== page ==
Apr 3, 2012

Obsession of the Week: Ethan Lipton's 'No Place to Go'

We've thought long and hard about what Tableau Your Mind's first official 'Obsession of the Week.' Jennifer Garner and her adorable children? News on the Arrested Development movie? Anything to do with Judy Greer or Michaela Watkins?  But then we landed on it - Ethan Lipton's amazing show 'No Place to Go,' which is playing for six more performances at Joe's Pub at the Public Theater through April 8th. We were lucky enough to see the show in its first incarnation as part of Joe's Pub's New York Voices series in November, and the current version, which is very similar and has been running for almost a month, is even more enjoyable and tightly produced (The most marked difference is that the lighting cues are a bit more dramatic). Lipton has a rare gift of making the personal universal and the universal deeply personal (that sounds really cornball, but it's true). It is in your best interest to see this show - it's fantastic. Here is a reposting of part of that original review:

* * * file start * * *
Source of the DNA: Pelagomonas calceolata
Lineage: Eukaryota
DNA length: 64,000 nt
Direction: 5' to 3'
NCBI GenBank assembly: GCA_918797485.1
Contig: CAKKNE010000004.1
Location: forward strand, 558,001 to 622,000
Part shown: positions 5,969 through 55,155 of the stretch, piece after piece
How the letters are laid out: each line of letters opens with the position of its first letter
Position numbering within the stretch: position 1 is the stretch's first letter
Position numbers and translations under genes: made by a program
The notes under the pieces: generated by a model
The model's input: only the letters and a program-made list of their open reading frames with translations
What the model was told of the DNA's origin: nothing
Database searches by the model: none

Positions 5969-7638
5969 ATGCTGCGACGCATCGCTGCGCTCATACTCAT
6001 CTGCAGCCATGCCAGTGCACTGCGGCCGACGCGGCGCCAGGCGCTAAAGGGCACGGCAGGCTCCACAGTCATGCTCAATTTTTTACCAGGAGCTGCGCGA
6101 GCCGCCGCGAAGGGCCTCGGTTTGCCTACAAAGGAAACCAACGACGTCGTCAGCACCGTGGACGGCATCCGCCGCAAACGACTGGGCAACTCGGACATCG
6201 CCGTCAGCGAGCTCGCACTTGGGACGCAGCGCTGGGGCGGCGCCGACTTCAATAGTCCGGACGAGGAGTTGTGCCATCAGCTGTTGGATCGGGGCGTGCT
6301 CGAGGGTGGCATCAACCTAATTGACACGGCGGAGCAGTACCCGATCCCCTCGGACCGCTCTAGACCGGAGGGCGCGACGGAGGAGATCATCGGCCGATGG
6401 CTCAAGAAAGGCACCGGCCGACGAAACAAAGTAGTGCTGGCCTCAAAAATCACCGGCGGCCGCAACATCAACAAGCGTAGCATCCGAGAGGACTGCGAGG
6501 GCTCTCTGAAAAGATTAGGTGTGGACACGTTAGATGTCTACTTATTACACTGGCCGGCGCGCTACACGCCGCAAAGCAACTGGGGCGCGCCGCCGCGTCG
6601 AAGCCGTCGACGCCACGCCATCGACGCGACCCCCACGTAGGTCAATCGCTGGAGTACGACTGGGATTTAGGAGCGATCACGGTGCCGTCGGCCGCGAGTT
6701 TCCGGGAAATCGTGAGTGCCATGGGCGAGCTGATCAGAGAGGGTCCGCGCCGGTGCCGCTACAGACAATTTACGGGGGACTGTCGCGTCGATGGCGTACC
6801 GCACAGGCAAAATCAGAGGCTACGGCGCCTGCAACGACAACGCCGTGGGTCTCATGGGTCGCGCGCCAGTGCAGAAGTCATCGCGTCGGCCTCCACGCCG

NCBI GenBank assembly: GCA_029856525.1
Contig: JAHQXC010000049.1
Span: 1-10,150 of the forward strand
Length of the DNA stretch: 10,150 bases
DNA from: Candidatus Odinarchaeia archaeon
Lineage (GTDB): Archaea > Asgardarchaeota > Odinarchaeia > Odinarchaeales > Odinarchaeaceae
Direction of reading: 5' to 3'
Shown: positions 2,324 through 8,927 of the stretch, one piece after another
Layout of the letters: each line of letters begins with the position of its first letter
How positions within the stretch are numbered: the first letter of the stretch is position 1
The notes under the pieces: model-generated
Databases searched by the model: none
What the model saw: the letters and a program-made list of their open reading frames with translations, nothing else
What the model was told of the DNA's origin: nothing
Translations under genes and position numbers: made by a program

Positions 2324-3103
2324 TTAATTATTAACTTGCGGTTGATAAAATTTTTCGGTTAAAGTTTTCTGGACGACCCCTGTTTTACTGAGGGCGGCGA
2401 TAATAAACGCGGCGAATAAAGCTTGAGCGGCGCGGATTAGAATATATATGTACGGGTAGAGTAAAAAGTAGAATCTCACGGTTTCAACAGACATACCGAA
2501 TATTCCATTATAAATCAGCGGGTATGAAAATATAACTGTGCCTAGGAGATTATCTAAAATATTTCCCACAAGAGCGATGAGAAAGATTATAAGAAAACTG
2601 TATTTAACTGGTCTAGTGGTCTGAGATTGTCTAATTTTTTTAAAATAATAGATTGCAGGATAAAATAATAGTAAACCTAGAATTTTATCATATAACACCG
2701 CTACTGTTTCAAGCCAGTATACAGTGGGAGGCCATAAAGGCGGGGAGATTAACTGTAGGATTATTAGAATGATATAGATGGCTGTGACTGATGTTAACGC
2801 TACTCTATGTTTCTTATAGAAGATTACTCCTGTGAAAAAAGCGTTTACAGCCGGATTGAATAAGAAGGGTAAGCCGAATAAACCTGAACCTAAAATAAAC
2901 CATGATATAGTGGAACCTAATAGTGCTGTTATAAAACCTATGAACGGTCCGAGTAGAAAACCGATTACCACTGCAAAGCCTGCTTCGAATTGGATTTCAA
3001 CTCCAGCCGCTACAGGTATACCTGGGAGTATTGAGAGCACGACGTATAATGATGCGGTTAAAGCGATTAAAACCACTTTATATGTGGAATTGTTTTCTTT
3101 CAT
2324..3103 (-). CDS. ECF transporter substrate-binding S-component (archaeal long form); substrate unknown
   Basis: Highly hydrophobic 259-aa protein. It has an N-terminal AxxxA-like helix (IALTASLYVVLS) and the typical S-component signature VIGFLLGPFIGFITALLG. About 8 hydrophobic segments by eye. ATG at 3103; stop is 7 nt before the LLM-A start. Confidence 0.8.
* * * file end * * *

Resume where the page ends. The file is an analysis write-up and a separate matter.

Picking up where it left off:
...Lipton alone has the rare ability to come off curmudgeonly and honest, hilarious and sad, like a Charades-era Walter Matthau. He's dark and thoughtful and whimsical to boot.

The piece, titled No Place To Go, is a thinly-veiled musical satire of America's current political and social situation. Ethan (the character?) is dismayed to learn that his job is being outsourced. He's saddened, not solely because his job is relocating, but because the
company to which he's given ten years seems to undervalue him to such a ridiculous degree. He's living in a world where corporations can be considered people while simultaneously treating their employees less like people than ever before.

The music, which is almost all written for this performance piece (a few standards sneak in) and completely amazing, and the monologues that follow, continue the arc of Ethan's company disbanding and his job being shipped off without him. The 'and His Orchestra' (Eben Levy, Ian Riggs, and Vito Dieterle), are game and as talented as all get-out for the entire production...the music is still amazing and delightfully old-timey (or classically awesome, whatever sounds best).

...Lipton takes a concept that most people care about (crumbling economy, terrible business practices) and makes it personal (though never solipsistic) to him and simultaneously more important than ever. Seriously, the chops on this group. It's worth the ticket just to get a tan from basking in the brilliance...
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